While Hebrew prayer is the preferred language of Jewish worship, it is not mandatory to pray in Hebrew. A Jew who does not know Hebrew may certainly pray in the language in which he/she is most comfortable.

There are, however, several advantages to praying in Hebrew, and therefore one should strive to learn to read the prayers in the original.

First and foremost is that no matter how talented the translator, the precise meaning of the translated words can never be captured. From the conjugation of verbs to the placement of the subject, Hebrew structures itself in a manner completely unlike English (which we will assume is the vernacular of our readers). Hebrew words also always have additional meanings because they are built on 3-letter roots that relate to other words.

Another important aspect of Hebrew prayer is that, with the exception of a few minor alterations and some variations in tune and pronunciation, the core prayers are almost exactly the same around the world. One cannot emphasize enough how the homogeneity of Jewish prayer contributes to Jewish unity. Knowing that one can walk into a synagogue in London, Moscow, Hong Kong, or Los Angeles and the prayers will be virtually the same underscores that, despite our differences, we are truly one people.

Learn

Learn to read Hebrew. Find a class near you during November's Read Hebrew America/Canada Campaign.

Tuesday, October 28, 2008

Today I Am A Man, Sort Of

In today’s day and age, it is difficult to fathom how the rabbis could deem a twelve or thirteen year old child even remotely mature enough to be considered an adult. In truth, however, reaching the age of Bar or Bat Mitzvah has never meant that one was a full-fledged grown-up, but simply that one was now responsible for his/her own actions. Becoming "responsible" is an important part of human development.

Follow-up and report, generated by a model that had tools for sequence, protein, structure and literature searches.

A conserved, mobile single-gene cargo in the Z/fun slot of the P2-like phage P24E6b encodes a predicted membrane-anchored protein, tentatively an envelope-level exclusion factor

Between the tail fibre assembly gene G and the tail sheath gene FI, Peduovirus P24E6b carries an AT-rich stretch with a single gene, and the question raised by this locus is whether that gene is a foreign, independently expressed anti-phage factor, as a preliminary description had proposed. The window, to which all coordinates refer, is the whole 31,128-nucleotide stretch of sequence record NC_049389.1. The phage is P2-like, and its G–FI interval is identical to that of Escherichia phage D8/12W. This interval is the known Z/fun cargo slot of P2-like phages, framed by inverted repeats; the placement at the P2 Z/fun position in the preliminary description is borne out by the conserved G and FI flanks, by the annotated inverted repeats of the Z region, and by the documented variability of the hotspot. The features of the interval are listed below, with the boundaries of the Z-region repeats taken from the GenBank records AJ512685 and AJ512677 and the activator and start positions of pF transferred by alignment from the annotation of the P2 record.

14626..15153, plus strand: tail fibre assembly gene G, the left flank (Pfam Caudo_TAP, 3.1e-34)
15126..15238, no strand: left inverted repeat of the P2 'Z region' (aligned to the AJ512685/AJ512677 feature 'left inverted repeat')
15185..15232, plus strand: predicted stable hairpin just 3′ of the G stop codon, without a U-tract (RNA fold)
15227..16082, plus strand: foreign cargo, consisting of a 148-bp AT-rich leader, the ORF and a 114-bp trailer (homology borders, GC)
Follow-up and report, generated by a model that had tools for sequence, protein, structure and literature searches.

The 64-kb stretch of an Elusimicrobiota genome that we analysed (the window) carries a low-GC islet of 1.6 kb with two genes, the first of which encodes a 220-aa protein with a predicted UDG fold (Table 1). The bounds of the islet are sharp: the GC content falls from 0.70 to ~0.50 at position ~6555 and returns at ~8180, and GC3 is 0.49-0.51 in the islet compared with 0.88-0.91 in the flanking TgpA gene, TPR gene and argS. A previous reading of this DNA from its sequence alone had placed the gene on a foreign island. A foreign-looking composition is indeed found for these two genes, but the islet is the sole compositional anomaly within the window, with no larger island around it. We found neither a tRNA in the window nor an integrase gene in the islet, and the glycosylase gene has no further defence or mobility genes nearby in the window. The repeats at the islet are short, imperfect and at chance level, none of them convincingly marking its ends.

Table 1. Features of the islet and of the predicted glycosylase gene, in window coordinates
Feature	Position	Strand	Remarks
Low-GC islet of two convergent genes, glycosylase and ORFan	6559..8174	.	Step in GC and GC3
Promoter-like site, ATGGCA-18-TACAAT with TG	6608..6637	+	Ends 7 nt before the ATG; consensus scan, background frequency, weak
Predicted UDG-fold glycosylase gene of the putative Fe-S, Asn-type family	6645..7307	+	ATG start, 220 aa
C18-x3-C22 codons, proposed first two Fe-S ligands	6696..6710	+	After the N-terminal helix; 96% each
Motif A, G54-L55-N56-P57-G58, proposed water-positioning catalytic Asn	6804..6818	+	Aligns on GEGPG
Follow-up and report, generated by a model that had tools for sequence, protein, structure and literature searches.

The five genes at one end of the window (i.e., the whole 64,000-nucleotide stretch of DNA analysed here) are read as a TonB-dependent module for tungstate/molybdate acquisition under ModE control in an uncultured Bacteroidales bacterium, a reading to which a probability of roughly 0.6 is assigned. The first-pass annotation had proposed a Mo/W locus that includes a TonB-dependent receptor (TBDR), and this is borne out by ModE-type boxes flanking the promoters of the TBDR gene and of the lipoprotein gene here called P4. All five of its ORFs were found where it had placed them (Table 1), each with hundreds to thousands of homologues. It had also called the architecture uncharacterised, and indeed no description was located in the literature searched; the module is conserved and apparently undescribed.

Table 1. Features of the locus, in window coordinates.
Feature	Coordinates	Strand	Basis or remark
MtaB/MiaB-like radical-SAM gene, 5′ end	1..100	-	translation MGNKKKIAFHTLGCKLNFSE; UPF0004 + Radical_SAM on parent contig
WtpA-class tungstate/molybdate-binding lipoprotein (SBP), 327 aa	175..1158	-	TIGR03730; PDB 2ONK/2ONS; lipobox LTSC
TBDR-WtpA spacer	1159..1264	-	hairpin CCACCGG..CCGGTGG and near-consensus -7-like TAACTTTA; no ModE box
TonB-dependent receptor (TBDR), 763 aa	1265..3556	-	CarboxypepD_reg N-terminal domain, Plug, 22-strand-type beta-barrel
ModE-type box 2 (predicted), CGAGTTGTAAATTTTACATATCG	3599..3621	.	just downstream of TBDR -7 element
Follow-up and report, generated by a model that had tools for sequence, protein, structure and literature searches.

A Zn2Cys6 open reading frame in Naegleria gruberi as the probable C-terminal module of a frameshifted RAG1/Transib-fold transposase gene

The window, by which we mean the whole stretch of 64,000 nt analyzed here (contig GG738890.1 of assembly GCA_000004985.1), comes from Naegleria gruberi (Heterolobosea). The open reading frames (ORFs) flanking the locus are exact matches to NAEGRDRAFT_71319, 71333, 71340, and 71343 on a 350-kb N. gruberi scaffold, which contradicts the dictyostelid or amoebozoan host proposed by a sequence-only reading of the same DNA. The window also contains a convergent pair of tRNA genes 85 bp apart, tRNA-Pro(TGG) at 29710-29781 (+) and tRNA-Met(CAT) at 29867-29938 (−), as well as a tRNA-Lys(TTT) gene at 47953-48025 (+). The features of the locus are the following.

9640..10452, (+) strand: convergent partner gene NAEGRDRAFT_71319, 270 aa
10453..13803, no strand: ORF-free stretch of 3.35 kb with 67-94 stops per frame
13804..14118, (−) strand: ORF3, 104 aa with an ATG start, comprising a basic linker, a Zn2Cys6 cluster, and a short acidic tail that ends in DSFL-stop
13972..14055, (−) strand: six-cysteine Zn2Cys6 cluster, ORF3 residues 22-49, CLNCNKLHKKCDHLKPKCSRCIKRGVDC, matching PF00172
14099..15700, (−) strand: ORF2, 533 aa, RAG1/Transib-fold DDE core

In laying out the course of a man’s life, particularly in relation to study, Rabbi Judah ben Tema said (Ethics of the Fathers 5:25): "A 5 year old begins [learning] Scriptures, a 10 year old begins Mishna, a 13 year old becomes obliged to observe the commandments, an 18 year old goes to the marriage canopy, a 20 year old begins earning a livelihood, a 30 year old attains full strength, a 40 year old attains understanding, a 50 year old can offer counsel..." Rabbi Judah’s statement continues until 100 years old, noting the characteristics of different ages.

As Rabbi Judah ben Tema pointed out, there is an appropriate order of development. A boy/girl must learn to be responsible for his/her own actions in his/her parents’ home before becoming fully independent (around age 18 or 20). This process begins, in earnest, at the age of Bar and Bat Mitzvah.

Perhaps the classic celebration speech should more correctly read: Today, I am learning to be a man/woman.

Care to Share

Take the time to have a real conversation with a young adult, whether your child, grandchild, niece/nephew, or the child of a friend.

Monday, October 27, 2008

Someone's Been Sitting In My Chair

In some families, dinner time is a helter-skelter affair where everyone grabs what they want on their way to their next event. In other families, dinner is a set time when everyone gathers together and shares a meal.

No matter what your family’s mealtimes look like, one custom that seems universal is dad or mom’s seat. While it may seem logical that the father or the mother sit at the head of the table, there is actually a Torah ruling concerning the status of the parental seat.

Everyone is familiar with the Fifth Commandment to honor one's father and mother. But just how are children expected to show honor to their parents?